When I was a kid, we lived in a suburb about an hour south of Chicago. In the summers before we moved to California, my parents used to drag me to a “you pick it” farm all the way in Indiana. After hours in the car, we’d spent the rest of the day filling trash bags with different vegetables. My mom would wash and freeze them so that we’d have fresh vegetables all through the winter (it wasn’t uncommon for us to get completely snowed in for days at a time). My parents, along with three of their best friends, would also buy a side of beef, have it butchered and divided among the four families. It seems my parents were locavores well before the term existed.
I will raise my hand right now and admit I am not the most conscientious consumer. When I’m shopping, be it for clothes, shoes or groceries, my focus is on finding the best value for my dollar. If I have to drive around town or spend time doing research to get the best deal, so be it. I happily donate items to Goodwill and sell Tyler’s gently used clothes on Craigslist. I’ve purchased from a thrift store only twice in my life because the deals were too amazeballs to pass up. I am a creature of shopping habit.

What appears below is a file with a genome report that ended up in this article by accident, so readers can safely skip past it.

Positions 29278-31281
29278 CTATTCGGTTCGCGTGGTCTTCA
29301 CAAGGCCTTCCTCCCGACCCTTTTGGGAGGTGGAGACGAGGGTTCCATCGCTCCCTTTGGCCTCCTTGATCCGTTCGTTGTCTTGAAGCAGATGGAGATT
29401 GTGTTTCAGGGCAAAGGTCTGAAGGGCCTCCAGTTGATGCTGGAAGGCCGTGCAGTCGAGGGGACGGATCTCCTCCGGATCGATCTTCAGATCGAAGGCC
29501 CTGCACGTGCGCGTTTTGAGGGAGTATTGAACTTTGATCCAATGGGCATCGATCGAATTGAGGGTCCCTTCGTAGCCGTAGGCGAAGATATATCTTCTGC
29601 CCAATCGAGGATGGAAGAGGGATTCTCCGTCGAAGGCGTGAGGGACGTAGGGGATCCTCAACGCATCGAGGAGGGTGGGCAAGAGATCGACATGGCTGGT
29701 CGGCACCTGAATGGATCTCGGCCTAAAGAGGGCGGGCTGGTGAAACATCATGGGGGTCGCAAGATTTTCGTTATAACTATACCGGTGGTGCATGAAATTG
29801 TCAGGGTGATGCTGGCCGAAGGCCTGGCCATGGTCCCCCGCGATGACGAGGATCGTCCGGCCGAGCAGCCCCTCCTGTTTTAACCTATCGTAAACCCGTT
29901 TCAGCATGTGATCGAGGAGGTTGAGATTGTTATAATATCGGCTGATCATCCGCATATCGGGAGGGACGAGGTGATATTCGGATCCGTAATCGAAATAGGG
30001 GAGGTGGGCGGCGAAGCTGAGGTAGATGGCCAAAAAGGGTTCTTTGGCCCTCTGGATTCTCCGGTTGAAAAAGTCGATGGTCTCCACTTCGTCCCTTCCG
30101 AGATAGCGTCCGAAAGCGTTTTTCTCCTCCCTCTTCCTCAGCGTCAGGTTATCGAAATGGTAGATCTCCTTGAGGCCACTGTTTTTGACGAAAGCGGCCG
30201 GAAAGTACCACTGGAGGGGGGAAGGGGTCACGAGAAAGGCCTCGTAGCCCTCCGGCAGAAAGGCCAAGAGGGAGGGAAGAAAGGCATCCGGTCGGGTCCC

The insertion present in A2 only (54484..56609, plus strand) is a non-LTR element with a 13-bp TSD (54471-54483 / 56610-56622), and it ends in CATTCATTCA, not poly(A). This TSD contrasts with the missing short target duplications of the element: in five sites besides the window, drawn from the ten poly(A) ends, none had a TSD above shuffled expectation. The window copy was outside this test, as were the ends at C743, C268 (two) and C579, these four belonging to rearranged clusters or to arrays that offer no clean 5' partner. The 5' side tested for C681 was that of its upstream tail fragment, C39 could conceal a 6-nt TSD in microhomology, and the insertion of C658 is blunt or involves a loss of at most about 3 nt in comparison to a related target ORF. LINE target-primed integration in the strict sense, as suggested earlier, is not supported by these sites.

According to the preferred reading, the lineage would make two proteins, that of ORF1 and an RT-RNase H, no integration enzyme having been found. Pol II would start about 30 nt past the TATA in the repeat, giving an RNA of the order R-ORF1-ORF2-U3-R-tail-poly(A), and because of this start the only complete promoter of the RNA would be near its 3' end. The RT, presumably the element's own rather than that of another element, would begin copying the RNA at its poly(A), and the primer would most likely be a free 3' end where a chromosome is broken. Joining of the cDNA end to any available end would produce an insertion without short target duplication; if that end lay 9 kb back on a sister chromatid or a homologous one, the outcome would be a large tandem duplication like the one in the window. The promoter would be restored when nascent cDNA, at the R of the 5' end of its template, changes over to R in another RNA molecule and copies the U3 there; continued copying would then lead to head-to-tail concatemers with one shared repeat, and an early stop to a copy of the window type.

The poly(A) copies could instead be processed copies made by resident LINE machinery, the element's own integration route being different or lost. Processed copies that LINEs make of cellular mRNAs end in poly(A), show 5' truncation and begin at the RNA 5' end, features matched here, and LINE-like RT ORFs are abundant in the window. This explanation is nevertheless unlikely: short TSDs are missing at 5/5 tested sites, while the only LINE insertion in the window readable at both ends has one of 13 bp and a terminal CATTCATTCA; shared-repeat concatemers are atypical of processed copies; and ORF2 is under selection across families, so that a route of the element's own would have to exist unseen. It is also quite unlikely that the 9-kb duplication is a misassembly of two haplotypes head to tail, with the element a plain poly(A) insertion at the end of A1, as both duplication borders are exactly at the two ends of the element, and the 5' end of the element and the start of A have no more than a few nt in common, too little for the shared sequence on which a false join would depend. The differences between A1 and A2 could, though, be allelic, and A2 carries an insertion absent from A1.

But, for the past few months I’ve been re-evaluating my habits. I’ve been paying more attention to the articles appearing in my Facebook feed with subjects about sustainability, ethics, and responsibility. I’ve read up on slow food, fair trade, farm to table, CSA’s and even composting for city dwellers. It’s a lot of information, and frankly a little overwhelming. So much of the information I’m finding seems to be about living a certain lifestyle and making very deliberate choices.
I’ll be honest; a lifestyle overhaul is not going to happen. I won’t say I’m too lazy to make big changes, but I have to acknowledge that some of the stores we shop in, like the Commissary and Exchange, aren’t going to have a large selection of socially conscious items. At the end of the day, my bottom line is still a top priority. I do know it’s time to start reducing our footprint and paying more attention to what we buy and who we buy it from. Change doesn’t happen overnight. Small shifts can add up.
I’ve made a list of 10 easy, manageable steps we can start taking toward a more sustainable household. Some cost a bit more, some require a bit of effort and some are only a matter of creating new habits.